Ana Walshe: Former prosecutor says there’s ‘more than enough evidence’ to convict Bryan Walshe without body

A former prosecutor says that there’s “more than enough evidence” to convict Brian Walshe after he was charged with murder in the disappearance of his wife Ana Walshe, even without a body.

The Norfolk District Attorney’s Office announced on Tuesday that Brian Walshe is being charged with the murder of Ana Walshe after she went missing on New Year’s Day.

“Norfolk District Attorney Michael Morrissey [announced] the issuance of a murder warrant in the death of Ana Walshe, 39, missing from Cohasset since on or about New Year’s Day,” a statement from the district attorney’s office said.

Brian Walshe is also being charged with improper transport of a body, according to a spokesperson for the district attorney’s office.

BRIAN WALSHE CHARGED IN ANA WALSHE’S MURDER IN MASSACHUSETTS

Brian and Ana Walshe seen in September 2016.
(Ana Walshe/Facebook)

Previously, Brian Walshe was charged with misleading a police investigation after he allegedly lied about where he had been.

According to investigators, Brian Walshe told them that he traveled to stores like CVS and Whole Foods, but might have not actually been there.

Brian Walshe also didn’t state that he used $450 in cash to buy cleaning supplies from a Rockland, Massachusetts, Home Depot store.

Ana Walshe on her wedding day in Emmanuel Episcopal church on Newbury St., Boston, Massachusetts on Monday, December 21, 2015.
(Obtained by Fox News Digital)

Court documents state that he was seen on surveillance video “wearing a black surgical mask, blue surgical gloves and making a cash purchase” to buy items like mops, tape, and drop cloths.

According to investigators, a bloody, damaged knife was found in the basement of the couple’s Cohasset home.

Two law enforcement agents also told CNN that Brian Walshe searched online for “how to dispose of a 115-pound woman’s body” as well as how to dismember a body.

TIMELINE OF ANA WALSHE’S DISAPPEARANCE AND BRIAN WALSHE’S ARREST

Brian and Ana Walshe pose up for a shot in Boston Public Gardens, Boston, Massachusetts on their wedding day on Monday, December 21, 2015
(Obtained by Fox News Digital)

“I’m glad that they did finally arrest him because there’s more than enough evidence,” Former Assistant U.S. Attorney Neama Rahmani told Fox News Digital. “I know they’re looking in different trash sites and they found like a hacksaw, some other tools that they believe were used to dismember the body.”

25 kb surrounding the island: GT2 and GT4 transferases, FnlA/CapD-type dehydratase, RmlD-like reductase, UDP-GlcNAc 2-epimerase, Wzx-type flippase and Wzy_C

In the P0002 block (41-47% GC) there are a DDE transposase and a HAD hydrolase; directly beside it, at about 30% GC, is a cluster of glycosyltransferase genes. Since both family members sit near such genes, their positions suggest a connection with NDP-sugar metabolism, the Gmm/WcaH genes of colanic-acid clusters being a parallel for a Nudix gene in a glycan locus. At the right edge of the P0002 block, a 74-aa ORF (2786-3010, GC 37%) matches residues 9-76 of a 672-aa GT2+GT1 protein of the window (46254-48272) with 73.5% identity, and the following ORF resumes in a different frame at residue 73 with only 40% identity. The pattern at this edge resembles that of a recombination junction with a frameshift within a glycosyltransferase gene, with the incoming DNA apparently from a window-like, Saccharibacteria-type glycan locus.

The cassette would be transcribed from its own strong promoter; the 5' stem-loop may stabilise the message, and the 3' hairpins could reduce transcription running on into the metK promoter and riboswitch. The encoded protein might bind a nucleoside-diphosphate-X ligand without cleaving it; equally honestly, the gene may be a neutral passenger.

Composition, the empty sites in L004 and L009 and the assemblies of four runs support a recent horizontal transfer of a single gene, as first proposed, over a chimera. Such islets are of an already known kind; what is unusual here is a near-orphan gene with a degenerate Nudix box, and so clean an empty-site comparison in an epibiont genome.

He said that police are likely going to be pressing Brian Walshe and asking him the location of a potential body, but said that authorities likely have a plethora of evidence.

“I’m not saying that police and prosecutors need a body in this case because there’s so much other evidence, direct, circumstantial,” Rahmani said.

MISSING ANA WALSHE: ROMANCE WITH BRIAN WALSHE WAS ‘LOVE AT FIRST SIGHT’

Brian Walshe’s mugshot.
(Cohasset Police Department )

When searching a waste facility near the home of Brian Walshe’s mother, investigators recovered a hacksaw, a hatchet, a rug and a bloodied trash bag, according to WBZ.

Criminal defense attorney Mark Geragos told Fox News Digital that authorities likely have DNA evidence that is consistent with Ana Walshe.

“So they feel confident enough based on what they found either there or at the transfer station or at the house itself,” Geragos said, adding that “one of the worst facts is how to dispose of a 115 pound body if that, in fact, is in the search bar of his computer.”

Geragos said that Brian Walshe’s “big worry now is not enhancing his sentence, his big worry is what evidence do they have, and how are you going to explain it?”

Iris Eytan, a criminal defense attorney who represented clients such as Barry Morphew, whose murder charges were dismissed after his wife went missing in 2020, said that the public should be careful in jumping to any conclusions.

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“I think it’s really important for the media and for the public to be extremely cautious about jumping to any conclusions,” Eytan said. “We know maybe 1% of what the prosecution knows and the prosecution maybe knows 20% about, you know, what events, you know, led to her disappearance.”